Affordable and fun.
The TRD name, which stands for Toyota Racing Development, can be found in a variety of motorsports and many of Toyota's most off-road capable truck models. For the first time from the factory, the TRD name was applied to the Avalon and the Camry for the 2020 model year. The 2020 Toyota Camry TRD does not feature any significant performance upgrades like forced induction or a larger engine. However, it features handling improvements such as stiffer springs, sway bars, and TRD shock absorbers.
It may not be a true sports sedan like its luxury contemporaries, but the Camry TRD is easily the coolest Camry that Toyota has ever offered, and it should appeal to buyers that don't care about race tracks or pushing their car to its limit on the road. We believe the Camry TRD is arguably the best Camry ever, though it does have one flaw we think Toyota needs to fix.
Do you remember when the Toyota Camry was the most vanilla car on the road? Well, Toyota wants to make you forget that with the latest generation model, which is even more aggressive in TRD guise. It features accents we never thought we'd ever see on a factory Camry, including black TRD wheels, red brake calipers, black lower body kit, chrome-tipped cat-back exhaust, and a massive rear wing. When you pull up in this car, people will be shocked when they learn that it is a Camry.
Inside, Toyota differentiates the Camry TRD trim with sporty red accents. The seat centers, seatbelts, floor mats, stitching, and seatbelts are all finished in red, giving a boy-racer vibe in the cabin. We particularly love the colored red belts, which are rare in any non-sports car. The red gauge cluster, however, feels hit and miss. The red numbers on black dials look great at night but can be near-impossible to read in the sunlight. It would have been nice for Toyota to give the TRD model a more bolstered seat as well, though that would have likely added to the price.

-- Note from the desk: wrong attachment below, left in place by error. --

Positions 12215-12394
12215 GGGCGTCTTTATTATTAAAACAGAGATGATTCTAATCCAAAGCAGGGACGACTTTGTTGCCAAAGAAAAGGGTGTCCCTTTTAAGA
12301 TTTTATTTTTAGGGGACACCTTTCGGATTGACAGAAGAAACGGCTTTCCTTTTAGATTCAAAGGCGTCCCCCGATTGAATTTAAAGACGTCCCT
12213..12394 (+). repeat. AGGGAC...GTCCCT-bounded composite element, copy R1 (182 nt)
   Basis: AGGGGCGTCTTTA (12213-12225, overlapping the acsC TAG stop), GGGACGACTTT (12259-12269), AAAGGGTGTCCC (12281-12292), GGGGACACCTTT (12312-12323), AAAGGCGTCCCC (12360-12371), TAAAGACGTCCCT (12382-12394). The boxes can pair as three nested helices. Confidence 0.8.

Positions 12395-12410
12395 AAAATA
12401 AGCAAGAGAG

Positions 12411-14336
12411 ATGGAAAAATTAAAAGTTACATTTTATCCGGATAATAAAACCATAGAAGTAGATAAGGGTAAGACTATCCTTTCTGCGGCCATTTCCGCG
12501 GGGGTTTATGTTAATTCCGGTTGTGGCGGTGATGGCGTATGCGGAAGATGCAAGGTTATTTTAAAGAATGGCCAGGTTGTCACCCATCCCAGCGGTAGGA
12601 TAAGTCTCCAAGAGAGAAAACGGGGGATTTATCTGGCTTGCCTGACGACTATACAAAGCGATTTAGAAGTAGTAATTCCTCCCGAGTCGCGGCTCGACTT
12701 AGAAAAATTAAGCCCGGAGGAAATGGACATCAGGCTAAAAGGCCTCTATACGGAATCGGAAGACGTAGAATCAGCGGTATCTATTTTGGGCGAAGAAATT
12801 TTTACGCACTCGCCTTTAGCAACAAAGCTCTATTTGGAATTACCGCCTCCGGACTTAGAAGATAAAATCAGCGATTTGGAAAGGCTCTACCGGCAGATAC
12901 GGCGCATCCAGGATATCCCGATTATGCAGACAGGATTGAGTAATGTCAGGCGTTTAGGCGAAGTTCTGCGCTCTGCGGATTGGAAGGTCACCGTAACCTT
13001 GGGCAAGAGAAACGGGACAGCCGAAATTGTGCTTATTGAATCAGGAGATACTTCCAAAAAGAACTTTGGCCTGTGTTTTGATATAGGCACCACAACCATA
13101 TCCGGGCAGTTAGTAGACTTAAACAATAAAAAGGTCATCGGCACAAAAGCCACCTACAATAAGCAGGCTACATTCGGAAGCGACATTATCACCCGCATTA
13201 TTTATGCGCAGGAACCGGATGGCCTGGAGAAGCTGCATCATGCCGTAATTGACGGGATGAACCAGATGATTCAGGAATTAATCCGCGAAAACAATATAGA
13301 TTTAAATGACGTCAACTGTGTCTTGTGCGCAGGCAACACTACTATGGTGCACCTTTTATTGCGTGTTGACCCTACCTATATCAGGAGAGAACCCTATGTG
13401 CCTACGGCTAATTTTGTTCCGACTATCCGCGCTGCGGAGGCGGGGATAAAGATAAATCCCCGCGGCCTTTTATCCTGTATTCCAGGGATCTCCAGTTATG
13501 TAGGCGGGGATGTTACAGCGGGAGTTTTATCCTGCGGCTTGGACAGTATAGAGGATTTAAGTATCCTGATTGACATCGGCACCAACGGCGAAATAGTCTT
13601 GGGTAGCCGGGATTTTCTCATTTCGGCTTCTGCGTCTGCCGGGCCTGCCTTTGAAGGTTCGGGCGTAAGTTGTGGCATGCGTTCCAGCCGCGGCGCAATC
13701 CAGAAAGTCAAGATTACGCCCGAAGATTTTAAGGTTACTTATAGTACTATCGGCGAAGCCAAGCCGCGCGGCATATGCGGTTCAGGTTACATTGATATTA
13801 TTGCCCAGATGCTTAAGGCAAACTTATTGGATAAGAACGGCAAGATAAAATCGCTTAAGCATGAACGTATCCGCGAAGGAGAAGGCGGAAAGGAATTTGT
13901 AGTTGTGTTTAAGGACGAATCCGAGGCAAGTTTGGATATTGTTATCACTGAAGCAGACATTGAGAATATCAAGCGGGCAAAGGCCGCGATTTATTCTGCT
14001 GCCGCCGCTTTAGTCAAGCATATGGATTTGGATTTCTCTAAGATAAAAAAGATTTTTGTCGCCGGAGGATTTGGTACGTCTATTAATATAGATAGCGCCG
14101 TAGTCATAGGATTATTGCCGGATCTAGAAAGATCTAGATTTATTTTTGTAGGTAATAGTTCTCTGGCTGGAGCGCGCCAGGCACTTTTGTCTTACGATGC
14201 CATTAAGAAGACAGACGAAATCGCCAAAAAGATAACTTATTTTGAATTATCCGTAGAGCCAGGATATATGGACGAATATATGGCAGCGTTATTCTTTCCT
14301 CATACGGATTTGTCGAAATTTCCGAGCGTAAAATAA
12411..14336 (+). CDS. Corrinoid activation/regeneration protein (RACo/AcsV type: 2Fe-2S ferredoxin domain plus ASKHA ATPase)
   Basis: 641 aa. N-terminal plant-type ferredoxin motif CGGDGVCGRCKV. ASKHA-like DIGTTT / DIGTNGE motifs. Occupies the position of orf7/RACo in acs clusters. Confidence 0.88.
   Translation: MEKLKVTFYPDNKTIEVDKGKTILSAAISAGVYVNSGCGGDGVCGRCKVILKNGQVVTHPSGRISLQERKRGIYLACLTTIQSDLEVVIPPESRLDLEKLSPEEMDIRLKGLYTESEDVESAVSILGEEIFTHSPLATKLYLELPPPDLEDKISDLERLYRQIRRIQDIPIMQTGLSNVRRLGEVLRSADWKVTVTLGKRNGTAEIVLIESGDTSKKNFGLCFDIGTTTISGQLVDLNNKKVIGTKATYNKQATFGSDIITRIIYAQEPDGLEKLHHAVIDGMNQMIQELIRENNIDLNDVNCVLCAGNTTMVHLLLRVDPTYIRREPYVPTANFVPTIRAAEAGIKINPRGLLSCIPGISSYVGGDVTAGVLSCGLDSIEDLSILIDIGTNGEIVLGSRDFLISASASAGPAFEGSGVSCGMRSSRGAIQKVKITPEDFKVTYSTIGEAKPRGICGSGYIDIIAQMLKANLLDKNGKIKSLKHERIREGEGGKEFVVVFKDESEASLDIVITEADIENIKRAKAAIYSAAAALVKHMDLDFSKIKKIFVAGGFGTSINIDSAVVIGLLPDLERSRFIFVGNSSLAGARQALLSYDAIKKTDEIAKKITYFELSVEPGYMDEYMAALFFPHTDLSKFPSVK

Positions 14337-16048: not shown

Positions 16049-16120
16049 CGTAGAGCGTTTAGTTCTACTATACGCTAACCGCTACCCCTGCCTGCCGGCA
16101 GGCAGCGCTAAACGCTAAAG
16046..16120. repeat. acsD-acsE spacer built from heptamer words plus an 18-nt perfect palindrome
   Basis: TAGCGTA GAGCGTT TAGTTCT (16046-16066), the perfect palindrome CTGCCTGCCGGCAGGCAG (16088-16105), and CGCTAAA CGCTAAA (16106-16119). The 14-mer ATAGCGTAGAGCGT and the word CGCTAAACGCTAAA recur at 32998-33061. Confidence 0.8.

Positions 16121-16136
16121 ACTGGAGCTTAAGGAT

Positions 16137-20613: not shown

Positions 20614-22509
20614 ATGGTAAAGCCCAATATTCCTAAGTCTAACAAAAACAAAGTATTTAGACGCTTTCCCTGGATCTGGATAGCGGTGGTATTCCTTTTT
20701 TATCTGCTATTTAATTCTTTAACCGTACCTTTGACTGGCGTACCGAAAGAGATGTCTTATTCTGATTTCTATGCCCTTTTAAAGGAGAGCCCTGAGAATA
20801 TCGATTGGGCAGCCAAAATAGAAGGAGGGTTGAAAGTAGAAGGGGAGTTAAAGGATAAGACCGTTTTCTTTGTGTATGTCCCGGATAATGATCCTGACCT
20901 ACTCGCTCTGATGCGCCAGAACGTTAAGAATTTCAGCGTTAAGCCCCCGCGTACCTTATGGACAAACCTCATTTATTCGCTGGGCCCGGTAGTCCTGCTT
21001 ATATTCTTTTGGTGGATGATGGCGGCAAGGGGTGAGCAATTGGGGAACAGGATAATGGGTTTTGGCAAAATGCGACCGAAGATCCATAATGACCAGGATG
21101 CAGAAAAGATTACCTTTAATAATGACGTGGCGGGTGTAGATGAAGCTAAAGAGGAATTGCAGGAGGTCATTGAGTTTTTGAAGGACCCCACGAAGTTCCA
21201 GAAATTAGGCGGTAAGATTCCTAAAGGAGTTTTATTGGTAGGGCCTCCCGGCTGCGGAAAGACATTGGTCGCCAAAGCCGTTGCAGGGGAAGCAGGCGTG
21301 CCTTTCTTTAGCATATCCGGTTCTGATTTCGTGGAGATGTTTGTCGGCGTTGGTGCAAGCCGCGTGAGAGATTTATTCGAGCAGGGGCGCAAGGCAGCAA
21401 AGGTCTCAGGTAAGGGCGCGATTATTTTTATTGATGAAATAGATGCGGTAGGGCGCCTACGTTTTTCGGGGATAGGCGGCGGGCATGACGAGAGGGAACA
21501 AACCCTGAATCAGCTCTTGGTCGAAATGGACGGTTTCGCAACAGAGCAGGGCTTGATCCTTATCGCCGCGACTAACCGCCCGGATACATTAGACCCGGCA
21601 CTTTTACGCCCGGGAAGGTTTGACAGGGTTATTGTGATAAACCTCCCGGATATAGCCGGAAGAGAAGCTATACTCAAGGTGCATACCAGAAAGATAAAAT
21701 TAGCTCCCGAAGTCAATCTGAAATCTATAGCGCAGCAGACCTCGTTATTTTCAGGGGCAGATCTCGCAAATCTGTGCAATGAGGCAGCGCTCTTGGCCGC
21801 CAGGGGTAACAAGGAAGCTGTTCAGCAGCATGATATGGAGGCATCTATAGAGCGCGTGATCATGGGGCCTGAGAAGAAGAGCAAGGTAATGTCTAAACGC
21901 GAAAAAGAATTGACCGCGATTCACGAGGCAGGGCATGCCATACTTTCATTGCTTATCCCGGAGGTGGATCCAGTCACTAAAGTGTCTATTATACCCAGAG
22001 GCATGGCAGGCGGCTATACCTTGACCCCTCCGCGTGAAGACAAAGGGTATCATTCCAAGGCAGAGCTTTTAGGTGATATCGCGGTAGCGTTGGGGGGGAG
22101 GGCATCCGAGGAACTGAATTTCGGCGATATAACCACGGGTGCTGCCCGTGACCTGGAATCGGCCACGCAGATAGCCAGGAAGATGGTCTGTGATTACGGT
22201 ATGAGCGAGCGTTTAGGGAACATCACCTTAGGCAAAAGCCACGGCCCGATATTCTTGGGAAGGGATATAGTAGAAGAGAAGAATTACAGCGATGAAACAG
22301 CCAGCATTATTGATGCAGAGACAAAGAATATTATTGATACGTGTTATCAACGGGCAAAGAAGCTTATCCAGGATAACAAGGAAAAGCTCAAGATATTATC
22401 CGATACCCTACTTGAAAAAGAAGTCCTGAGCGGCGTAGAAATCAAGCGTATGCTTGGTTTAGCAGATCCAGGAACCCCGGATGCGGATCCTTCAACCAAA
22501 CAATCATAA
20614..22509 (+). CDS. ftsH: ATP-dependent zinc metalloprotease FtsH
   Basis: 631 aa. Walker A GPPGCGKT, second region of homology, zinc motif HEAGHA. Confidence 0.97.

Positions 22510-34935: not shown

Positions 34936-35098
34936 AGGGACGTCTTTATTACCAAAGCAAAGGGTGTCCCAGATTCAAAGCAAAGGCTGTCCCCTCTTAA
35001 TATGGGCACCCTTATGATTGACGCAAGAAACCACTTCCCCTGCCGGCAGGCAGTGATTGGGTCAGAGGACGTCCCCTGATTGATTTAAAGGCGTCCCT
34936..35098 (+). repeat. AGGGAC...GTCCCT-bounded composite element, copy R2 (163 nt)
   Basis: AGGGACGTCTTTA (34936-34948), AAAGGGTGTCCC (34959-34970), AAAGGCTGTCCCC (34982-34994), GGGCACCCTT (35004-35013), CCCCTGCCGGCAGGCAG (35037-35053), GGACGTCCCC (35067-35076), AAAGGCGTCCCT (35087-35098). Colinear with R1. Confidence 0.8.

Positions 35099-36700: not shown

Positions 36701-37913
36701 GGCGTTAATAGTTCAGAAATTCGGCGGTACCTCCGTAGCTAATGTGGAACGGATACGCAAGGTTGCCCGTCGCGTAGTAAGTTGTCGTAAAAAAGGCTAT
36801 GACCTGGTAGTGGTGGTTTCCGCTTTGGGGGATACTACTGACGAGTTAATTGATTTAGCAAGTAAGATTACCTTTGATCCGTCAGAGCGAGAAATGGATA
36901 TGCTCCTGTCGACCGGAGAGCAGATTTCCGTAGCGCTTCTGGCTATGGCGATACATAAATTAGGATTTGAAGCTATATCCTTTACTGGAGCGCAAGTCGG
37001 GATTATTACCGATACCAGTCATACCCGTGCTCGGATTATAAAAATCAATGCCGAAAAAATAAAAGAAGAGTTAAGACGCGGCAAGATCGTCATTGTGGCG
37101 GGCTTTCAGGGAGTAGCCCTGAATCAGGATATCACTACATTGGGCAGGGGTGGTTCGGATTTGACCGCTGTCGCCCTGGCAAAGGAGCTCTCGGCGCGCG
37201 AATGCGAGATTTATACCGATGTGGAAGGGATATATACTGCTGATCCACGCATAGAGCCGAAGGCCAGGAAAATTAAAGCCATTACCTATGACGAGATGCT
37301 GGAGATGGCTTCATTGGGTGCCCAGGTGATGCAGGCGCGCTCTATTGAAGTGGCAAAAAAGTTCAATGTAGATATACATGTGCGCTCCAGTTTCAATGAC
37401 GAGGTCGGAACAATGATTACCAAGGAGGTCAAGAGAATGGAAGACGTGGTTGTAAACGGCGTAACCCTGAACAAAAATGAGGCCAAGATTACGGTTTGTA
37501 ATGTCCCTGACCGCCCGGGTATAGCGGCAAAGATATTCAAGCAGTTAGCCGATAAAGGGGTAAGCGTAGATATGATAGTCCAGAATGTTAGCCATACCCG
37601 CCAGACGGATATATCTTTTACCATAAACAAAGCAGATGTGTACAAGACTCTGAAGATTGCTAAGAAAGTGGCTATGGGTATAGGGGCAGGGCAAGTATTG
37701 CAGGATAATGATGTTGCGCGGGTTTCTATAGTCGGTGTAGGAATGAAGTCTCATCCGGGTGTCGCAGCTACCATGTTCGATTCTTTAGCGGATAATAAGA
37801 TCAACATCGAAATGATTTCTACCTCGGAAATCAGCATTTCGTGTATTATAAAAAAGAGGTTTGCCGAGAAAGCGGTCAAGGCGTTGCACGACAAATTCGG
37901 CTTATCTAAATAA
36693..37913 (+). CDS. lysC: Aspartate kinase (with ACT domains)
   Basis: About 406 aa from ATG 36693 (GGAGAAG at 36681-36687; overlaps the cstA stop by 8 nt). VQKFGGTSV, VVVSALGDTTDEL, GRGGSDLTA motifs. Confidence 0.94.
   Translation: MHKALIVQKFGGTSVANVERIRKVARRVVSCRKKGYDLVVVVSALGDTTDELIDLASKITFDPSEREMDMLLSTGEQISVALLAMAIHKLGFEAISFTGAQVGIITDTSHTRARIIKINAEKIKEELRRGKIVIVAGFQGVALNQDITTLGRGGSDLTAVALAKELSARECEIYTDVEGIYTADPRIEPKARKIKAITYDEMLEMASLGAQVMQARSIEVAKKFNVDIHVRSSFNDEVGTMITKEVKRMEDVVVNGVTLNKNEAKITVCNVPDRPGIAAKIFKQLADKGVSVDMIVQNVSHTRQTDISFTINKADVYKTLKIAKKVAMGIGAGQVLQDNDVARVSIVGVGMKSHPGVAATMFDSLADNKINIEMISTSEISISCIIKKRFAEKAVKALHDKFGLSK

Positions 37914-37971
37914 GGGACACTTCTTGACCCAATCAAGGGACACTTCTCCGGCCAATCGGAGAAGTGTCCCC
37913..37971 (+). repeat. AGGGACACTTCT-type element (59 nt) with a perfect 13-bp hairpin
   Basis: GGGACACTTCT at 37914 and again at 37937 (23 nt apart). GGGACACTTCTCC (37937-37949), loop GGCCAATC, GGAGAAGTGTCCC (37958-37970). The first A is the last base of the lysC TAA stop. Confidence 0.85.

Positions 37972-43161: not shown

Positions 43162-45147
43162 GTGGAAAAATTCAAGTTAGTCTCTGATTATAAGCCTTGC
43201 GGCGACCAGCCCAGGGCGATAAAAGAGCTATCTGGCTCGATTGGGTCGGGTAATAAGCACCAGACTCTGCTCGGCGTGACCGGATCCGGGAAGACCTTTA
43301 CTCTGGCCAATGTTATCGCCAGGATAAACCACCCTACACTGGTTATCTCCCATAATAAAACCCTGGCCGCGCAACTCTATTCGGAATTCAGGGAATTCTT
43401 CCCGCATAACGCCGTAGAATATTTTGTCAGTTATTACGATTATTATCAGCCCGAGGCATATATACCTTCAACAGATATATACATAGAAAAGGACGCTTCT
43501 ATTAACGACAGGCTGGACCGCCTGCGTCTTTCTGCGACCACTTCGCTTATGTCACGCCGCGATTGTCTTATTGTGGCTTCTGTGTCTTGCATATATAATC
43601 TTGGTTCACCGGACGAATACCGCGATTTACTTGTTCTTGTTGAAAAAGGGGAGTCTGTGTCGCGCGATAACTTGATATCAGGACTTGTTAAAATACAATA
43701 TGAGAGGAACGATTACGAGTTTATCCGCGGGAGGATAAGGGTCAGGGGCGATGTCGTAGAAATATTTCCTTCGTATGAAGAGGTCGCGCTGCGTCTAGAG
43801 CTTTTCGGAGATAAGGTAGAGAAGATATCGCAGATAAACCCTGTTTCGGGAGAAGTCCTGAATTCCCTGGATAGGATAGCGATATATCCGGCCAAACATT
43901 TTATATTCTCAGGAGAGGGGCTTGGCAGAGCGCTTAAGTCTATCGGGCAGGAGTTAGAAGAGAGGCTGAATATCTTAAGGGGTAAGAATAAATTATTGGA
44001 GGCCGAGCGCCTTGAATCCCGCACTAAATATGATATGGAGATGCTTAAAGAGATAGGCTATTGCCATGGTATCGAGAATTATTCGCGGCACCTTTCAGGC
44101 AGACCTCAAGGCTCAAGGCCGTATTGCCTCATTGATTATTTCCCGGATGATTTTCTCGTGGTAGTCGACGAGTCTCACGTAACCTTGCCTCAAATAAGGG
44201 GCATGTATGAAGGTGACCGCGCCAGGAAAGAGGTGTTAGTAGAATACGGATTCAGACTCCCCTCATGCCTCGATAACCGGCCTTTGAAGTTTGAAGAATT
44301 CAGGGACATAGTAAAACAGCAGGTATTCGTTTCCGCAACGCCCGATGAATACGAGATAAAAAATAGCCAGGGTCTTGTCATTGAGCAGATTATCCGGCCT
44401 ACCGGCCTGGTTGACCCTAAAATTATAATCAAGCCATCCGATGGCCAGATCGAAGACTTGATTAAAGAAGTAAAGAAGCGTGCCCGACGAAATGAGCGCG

The Camry TRD is the least-expensive V6-powered Camry that you can buy. Starting at just $31,040 before destination, the TRD surprisingly undercuts the XLE V6 by several thousand dollars. Toyota rightfully predicted that a significant segment of the market wanted a good looking sedan with plenty of power, but didn't need all of the luxury and tech features found higher up in the Camry range. The lack of blind-spot monitoring is annoying on the 2020 model but will be added for 2021. A JBL audio system will be optional on the 2021 Camry TRD model as well.
The Camry TRD uses the same 3.5-liter V6 engine found in other Camry models, producing an identical 301 horsepower and 267 lb-ft of torque. Some buyers may scoff at the Camry's front-wheel-drive layout, but once the front tires hook up, the V6 feels genuinely quick. 0-60 mph takes around 5.8 seconds, though that's mainly due to traction issues. Toyota's V6 feels like a strong performer and in a segment filled with generic turbo four-bangers, it produces a better sound than the competition. The V6's song is then amplified by the TRD cat-back exhaust, which provides a nice hum without too much drone.
Toyota's V6 is lovely, but it is let down slightly by the eight-speed automatic transmission. There's nothing wrong with the transmission specifically, rather with how Toyota tunes it. If you place the shifter into manual mode, the transmission defaults to 'S4' before allowing you to choose another gear. Rather than a full manual mode, the Camry's S Mode limits the transmission to the highest gear selected. In the case of S4, the transmission can utilize gears one, two, three, or four.
The transmission tuning causes trouble during spirited driving, where even using the wheel-mounted paddle shifters can result in unwanted upshifts or a refusal to downshift. We've driven other vehicles that use this Aisin-made transmission with a full manual mode, so Toyota should theoretically be able to make the change with software.